Originally Published on Berkshire Fine Arts
Peter Dean was a major force in the New York City art scene during the 1960s, 70s and 80s. He co-founded two distinct socially conscious art groups, showed in major galleries, and exhibited at the US Pavilion at the 41st Venice Biennale. A current exhibition in Chelsea gives us a rare and thrilling look into Dean’s world.
Peter Dean was born in 1934 to Jewish parents in Berlin, Germany, when the rising Nazi movement was victimizing German Jews. Dean and his family immigrated to the United States in 1938, and he grew up in the Bronx. He later attended the University of Wisconsin, graduating in 1956 with a degree in Geology. He worked at the Anaconda Copper Company in Brazil, Montana while following his passion for painting during his free time. Dean would continue to balance these two interests until he could afford to devote himself full-time to his art. He returned to New York City in 1962 and had his first solo show the following year at Aspects Gallery on East 10th Street.
In 1965, Dean became a co-founder of the short-lived “Torque” group, which included sculptor Joseph Kurhajec and painters Peter Saul, and Leon Golub. The group attracted the attention of certain critics, including Lawrence Alloway, and they tried to put together shows in various venues around the country, but quickly disbanded. As Dean stated, “We were maniacs in the midst of Minimalism.” Dean was also a founding member of the much longer lasting Rhino Horn Group in 1969 along with Benny Andrews, Ken Bowman, Michael Fauerbach, Jay Milder, Peter Passuntino, and Nicholas Sperakis. Later key additional members included Leonel Góngora, June Leaf, and Bill Barrell.
Dean and Barrell, were included in the groundbreaking group show The Visionaries, an exhibition on Psychedelic art at the East Hampton Gallery in 1967. Charles Giuliano curated the exhibition.
During the 1970s the Allan Stone Gallery represented Dean in New York City and he had solo exhibitions there in 1970, 1973, 1978, and 1980. Dean also caught the eye of Ed Wiegand, director and owner of New Orleans’ Bienville Gallery. Weigand showed the work of Peter Dean in 1970, 1973, 1975, 1977, 1979, 1981, 1983, and 1985.
Wiegand was an outspoken member of the arts community with an eye for the grotesque and banality in contemporary art, which earned him the nickname Godfather of the Ugly.
Marcia Tucker, the influential founding director of the New Museum of Contemporary Art in New York City, was another of Dean’s prominent supporters. She included Dean’s work in a show co-organized by Lynn Gumpert, Ned Rifkin at the U.S. Pavilion, 41st Venice Biennale (1984). The exhibition was titled Paradise Lost/Paradise Regained: American Visions of the New Decade. A retrospective of Dean’s work was held at the Alternative Museum in New York City in 1990.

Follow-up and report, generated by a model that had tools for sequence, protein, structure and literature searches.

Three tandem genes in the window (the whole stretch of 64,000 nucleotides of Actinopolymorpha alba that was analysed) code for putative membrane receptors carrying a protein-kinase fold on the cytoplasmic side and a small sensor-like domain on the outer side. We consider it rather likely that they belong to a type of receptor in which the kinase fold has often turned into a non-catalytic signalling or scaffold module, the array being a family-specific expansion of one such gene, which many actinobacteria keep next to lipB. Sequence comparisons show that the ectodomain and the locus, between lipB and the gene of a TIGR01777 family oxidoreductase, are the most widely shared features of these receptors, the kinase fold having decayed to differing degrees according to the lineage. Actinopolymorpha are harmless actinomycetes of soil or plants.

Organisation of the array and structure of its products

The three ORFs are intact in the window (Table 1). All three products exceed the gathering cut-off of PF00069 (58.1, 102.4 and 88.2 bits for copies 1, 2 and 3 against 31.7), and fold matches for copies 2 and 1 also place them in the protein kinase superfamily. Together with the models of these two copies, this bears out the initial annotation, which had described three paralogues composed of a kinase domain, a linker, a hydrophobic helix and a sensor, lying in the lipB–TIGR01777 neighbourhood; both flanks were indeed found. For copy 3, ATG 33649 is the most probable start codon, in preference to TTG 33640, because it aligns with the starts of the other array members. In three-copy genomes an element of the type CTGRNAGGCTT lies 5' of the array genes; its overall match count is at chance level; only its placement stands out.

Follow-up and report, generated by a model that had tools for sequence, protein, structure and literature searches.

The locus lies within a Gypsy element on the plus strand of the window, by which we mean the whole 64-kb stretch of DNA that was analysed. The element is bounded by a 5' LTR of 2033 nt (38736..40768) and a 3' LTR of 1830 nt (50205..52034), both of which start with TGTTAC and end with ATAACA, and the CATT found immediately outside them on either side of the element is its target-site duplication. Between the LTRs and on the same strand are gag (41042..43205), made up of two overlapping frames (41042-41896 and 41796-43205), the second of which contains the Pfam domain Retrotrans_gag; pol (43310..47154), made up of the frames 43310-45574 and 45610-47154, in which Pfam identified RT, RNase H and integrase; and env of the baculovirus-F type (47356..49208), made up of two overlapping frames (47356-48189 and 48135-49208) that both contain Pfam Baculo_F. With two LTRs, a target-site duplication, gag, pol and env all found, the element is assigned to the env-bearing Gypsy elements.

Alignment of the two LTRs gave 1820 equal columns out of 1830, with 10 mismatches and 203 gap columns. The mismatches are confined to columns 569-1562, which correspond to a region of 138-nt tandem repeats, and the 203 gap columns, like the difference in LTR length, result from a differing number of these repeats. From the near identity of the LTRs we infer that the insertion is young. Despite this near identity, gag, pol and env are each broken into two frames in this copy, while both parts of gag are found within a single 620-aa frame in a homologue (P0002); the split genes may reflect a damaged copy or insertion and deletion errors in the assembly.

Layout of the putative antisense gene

The exhibition Paintings – 1975 to 1989, at the George Adams Gallery, is Dean’s first show at the space on West 26th Street in Chelsea. However, there is strong history between the gallery and Dean. The origin of the George Adams Gallery is the Allan Frumkin Gallery, which was established in Chicago in 1952, and New York in 1959. In the 1980s founder Allan Frumkin became associated with George Adams at Frumkin’s New York gallery. They formed the Frumkin/Adams Gallery in 1988.
Allan Frumkin had an aptitude for showing figurative artists who were creating work outside of the mainstream artistic movements. He promoted a diverse group of artists including Peter Saul, June Leaf, Paul Georges, Robert Arneson, Jack Beal, and H.C. Westermann. Dean had a solo show at the Frumkin-Struve gallery in Chicago in 1984. Three decades later things have come full circle with an outstanding exhibition of seven large-scale paintings from the mid-1970s to the late 1980s.
Dean’s paintings are rife with political and social connotations as well as his free play within the realm of phantasmagoria. He used political and social satire, irony, and fantasy to create mythical and surreal compositions. Dean created fantastic landscapes that conflated reality with his dream world. His socio-conscious narratives often referenced popular culture, past history, mythology and folklore, and current events. In this exhibition themes and subject matter ranges from historical references such as Peace (1975), and Condor Flush (n.d), to the mythical visionary worlds in Crazy Dance at the Crack of Reality (1975), and Hounded (1977); all of which accumulate in the mind’s eye. As Dean described his work in the inaugural Rhino Horn manifesto:
“I am of the future but [I] worship an ancient god. I am a magician who transforms the images of our times into painting. I interpret reality into fantasy and back again. I’m a juggler of color and textures. I’m a seer of the past and a prophet of the future. I ride the hurricane. I walk on the tightrope of sanity. I live on the edge of the world.”
Using thick application of oil paint on canvas, Dean conveyed bold expressive emotion using a rich, heavy impasto technique to construct flamboyantly burlesque depictions of the dark side of contemporary life such as Assassination of Malcolm X (1981). His sociopolitical paintings lampooned Western history and contemporary societal issues such as war, xenophobia, genocide of indigenous peoples, and political greed and corruption.
In what Robert P. Eustace, a contemporary artist who was influenced by Dean, has described as wildly magical panoramic scenes from the bizarre carnival pageant and fantastic drama of life, Dean presented deliberately shocking and grotesque images that offered alternative scenarios to the distortions and myths of the mainstream news and popular culture.
The show goes on through December 23rd at 525 W 26th St, New York, NY 10001